It’s easy to know when spring is upon us, the trees return to their lush green color and start to bloom, flowers shoot up from the ground opening their petals to the sunshine, birds return to the area and fill the air with bird-song, and baby animals start to appear in the bushes, and butterflies come back.
It’s easy to attract these beautiful and interesting beings to your garden. All you need to do to start is have plants that feed caterpillars and adult butterflies, but if you want to create a sanctuary for these flying beauties you’ll need some simple plans for your garden.
By planning what plants to bring into your garden will help to encourage butterflies to stick around, laying eggs and creating new generations. First steps is to choose a combination of plants that are nectar plants, and caterpillar ‘host’ plants, which will feed the adult butterflies and young caterpillars. These two groups will provide an entire life cycle of food for the butterflies in your garden.
Nectar plants are plants that have bright blooms, almost all flower bearing plants are nectar plants, but the ones that work best for butterflies are Purple Cone-flower, New England Aster, and the appropriately named Butterfly weed. Four more good nectar plants are Cardinal Flowers, Milkweed, Marigolds, Jewel-weed , and Butterfly Bushes. The more diverse types of flowers you plant the more butterflies you’ll attract.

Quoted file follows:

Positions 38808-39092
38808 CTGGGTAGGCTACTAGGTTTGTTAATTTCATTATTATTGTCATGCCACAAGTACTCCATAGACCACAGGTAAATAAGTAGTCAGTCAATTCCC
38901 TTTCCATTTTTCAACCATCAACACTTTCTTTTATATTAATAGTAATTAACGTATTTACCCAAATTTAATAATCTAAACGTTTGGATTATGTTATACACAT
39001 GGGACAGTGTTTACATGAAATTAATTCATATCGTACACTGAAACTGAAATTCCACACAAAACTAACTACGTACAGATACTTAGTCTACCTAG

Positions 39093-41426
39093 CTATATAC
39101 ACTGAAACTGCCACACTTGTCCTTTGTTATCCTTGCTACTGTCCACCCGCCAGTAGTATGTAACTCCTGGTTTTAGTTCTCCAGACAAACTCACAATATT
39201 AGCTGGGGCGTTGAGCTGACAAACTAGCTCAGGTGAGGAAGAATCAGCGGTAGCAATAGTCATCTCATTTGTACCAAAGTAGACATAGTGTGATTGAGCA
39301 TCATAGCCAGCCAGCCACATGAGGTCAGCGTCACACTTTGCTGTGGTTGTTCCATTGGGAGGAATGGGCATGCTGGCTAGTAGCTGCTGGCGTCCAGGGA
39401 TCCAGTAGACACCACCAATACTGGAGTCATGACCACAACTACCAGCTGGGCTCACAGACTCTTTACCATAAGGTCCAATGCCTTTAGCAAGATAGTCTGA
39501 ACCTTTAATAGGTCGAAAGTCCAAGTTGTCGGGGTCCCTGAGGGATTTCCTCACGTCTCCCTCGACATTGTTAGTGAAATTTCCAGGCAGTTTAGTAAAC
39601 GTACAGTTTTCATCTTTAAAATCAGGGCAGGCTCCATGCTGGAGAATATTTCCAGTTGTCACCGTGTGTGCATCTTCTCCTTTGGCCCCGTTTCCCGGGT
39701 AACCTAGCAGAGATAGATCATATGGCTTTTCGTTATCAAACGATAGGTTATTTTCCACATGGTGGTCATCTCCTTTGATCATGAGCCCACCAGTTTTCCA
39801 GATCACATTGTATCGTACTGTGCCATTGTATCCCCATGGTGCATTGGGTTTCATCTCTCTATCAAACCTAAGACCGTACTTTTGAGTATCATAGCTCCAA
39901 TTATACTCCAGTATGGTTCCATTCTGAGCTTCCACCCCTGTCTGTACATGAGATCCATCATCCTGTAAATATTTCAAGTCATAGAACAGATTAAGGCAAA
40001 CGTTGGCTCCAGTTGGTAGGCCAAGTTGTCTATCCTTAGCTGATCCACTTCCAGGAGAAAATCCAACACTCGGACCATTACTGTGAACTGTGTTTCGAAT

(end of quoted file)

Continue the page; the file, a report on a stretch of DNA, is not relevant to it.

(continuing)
Next step is to incorporate some caterpillar plants for the babies to munch on. These type plants will be feasted on right away.To avoid a ‘bug-eaten’ garden, you may want to plant these plants in areas that will not be very visible. These plants are also called “Host Plants”. Alfalfa, Clover, Deer-weed, Hollyhock, Mustard plants, Fennel, Dill, Sunflower, Cabbage, Milkweed, Thistle, Hops, Nettles (Careful these sting!), Wild Licorice, Pansy, Choke-berry, Snapdragon, Toadflax.. There are hundreds of host plants out there, but these are the ones that will be the safest for your growing caterpillars.
The final step once the plants are chosen, the location is next of importance. Opt for an area that will be shaded at some parts during the day, such as tree shade, but not totally covered as not to get sun. Dew collected on the leaves should be enough to ‘water’ your butterflies. Happy Gardening!
Originally published at medium.com